Celebrating Black History Month on HBO and PBS

Students at Atlanta University, circa 1900s. As seen in Stanley Nelson’s TELL THEM WE ARE RISING: THE STORY OF BLACK COLLEGES AND UNIVERSITIES debuting on PBS. Photo courtesy Atlanta University Center.

As Black History Month draws to a close, what better day than Presidents’ Day 2018 to shine a light on African-Americans who’ve defied cultural, economic, sexist and, most especially, racist roadblocks in pursuit of higher education.

Tonight, Monday, February 19, 2018, HBO and PBS roll out three thought-provoking documentaries that examine the vagaries of higher education in the African-American community.  I urge you to catch the films tonight beginning at 8:00 p.m. ET/PT, on HBO, and ending at 11:59 p.m. ET, on PBS (or during repeat screenings, on affiliate portals and DVD/Blu-ray, or via streaming as indicated individually below).

Despite its 35-minute running time, Traffic Stop packs a wallop.  Peabody Award-winning producer/directors Kate Davis and David Heilbroner turned their cameras on African-American teacher Breaion King.

TRAFFIC STOP recalls how school teacher Breaion King suffered horrific treatment at the hands of a racist traffic cop in Austin, Texas. Photo: Tom Bergmann. Courtesy HBO.

TRAFFIC STOP recalls how school teacher Breaion King suffered horrific treatment at the hands of a racist traffic cop in Austin, Texas. Photo: Tom Bergmann. Courtesy HBO.

Brief vignettes capture the vibrant 26-year-old in her Austin, Texas, classroom enthusiastically sparring with her young math students (“I want them to think for themselves!”) and, off the clock, during her modern dance classes and while pursuing her other creative endeavors (singing and modeling). She’s a charmer who relishes the fact that she’s the first in her single parent family to graduate from college, earn a Masters’ Degree and buy her own home.  She hopes to go on for her Doctorate; but sadly, the hard-won education credentials and modeling photos that once gave her a positive presence on the Web are now overshadowed by her mug shot.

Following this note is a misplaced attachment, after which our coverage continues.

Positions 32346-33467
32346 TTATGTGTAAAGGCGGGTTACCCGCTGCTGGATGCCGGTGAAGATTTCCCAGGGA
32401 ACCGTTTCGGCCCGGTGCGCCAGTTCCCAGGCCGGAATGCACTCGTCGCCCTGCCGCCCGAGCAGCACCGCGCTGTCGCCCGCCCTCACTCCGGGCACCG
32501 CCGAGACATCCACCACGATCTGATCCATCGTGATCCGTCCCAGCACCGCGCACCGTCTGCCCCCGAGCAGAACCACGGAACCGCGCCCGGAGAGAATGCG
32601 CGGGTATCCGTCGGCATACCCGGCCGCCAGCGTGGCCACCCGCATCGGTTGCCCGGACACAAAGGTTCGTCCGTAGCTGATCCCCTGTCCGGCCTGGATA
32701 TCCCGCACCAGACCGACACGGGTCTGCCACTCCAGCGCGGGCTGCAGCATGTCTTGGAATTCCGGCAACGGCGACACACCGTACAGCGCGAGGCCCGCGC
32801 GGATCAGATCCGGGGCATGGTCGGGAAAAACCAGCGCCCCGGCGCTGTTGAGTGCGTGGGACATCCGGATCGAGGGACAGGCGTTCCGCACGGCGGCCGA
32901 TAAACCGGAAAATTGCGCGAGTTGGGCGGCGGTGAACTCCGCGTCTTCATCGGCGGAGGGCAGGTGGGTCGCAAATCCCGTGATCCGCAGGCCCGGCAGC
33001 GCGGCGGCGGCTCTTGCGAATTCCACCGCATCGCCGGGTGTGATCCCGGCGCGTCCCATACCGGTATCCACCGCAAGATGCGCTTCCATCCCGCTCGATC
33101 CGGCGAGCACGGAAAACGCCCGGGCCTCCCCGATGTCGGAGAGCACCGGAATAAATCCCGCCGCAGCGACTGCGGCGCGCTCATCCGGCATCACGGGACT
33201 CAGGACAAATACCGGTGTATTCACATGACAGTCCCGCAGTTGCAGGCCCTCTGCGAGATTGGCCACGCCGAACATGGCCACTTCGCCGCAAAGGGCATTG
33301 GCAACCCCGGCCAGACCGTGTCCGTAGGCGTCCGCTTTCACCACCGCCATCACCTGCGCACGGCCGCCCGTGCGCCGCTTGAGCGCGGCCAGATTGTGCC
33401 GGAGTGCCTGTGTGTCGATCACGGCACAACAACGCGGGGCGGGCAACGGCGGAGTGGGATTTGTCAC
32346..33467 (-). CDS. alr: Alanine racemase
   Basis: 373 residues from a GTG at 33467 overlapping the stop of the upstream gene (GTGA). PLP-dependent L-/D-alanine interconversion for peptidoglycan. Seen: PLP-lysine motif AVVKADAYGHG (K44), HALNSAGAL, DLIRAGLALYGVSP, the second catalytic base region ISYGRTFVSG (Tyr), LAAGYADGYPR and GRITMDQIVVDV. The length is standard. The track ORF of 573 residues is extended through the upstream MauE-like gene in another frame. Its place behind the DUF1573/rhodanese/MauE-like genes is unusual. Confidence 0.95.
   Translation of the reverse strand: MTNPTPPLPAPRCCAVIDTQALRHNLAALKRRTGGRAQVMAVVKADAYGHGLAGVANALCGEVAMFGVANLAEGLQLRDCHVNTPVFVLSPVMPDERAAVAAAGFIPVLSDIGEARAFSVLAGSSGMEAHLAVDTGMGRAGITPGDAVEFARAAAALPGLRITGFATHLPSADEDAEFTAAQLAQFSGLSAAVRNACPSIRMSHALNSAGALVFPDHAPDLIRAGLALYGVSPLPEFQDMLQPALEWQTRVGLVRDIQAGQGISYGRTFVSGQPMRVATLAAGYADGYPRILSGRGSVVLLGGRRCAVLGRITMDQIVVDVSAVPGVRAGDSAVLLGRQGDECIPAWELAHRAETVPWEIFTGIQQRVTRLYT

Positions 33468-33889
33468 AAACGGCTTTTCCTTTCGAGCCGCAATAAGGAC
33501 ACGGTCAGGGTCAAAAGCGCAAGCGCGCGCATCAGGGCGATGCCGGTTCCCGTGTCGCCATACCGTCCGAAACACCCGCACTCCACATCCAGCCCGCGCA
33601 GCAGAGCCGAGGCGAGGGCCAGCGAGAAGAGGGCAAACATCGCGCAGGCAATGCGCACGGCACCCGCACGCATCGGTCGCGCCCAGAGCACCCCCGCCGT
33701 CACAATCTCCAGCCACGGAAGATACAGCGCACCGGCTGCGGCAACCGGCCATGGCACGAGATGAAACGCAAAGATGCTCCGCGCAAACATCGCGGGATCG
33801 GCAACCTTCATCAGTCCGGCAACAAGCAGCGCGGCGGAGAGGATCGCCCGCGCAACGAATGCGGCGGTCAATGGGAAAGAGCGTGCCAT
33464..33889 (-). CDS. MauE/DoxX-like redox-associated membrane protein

Ms. King was pulled over for speeding on June 15, 2015.  Footage from her encounter with white police officer Bryan Richter was recorded on his dashcam and plays out in this film.  As her pleas for a simple traffic ticket are ignored and her horrifying physical abuse at the hands of Officer Richter unfolds, you may, as I did, be unable to stifle your own vocal outcry.  The 100-pound, highly educated young teacher was brutally thrown to the pavement and hogtied by the over-sized white, male cop.

Currently nominated for an Academy Award® in the Best Documentary Short Subject category, Traffic Stop vividly documents the shameful, ongoing legacy of racism and, also in Ms. King’s case, sexism that African-Americans continue to face. The opportunities and respect due this dedicated, articulate educator, so proud of her higher education credentials and artistic talent, were nullified in an instant by a racist cop who couldn’t see past the color of her skin.

Traffic Stop debuts on HBO tonight, Monday, February 19, 2018, 8:00 – 8:35 p.m. ET/PT. (Check listings for additional HBO play dates in the weeks ahead, as well as the film’s current availability on HBO NOW, HBO GO, HBO On Demand and affiliate portals.)

A Spelman College class, circa 1898. From TELL THEM WE ARE RISING: THE STORY OF BLACK COLLEGES AND UNIVERSITIES. Photo courtesy Spelman College.

A Spelman College class, circa 1898. From TELL THEM WE ARE RISING: THE STORY OF BLACK COLLEGES AND UNIVERSITIES. Photo courtesy Spelman College.

In counterpoint to Traffic Stop, the feature-length documentary Tell Them We Are Rising: The Story of Black Colleges and Universities traces the history of racial empowerment through education.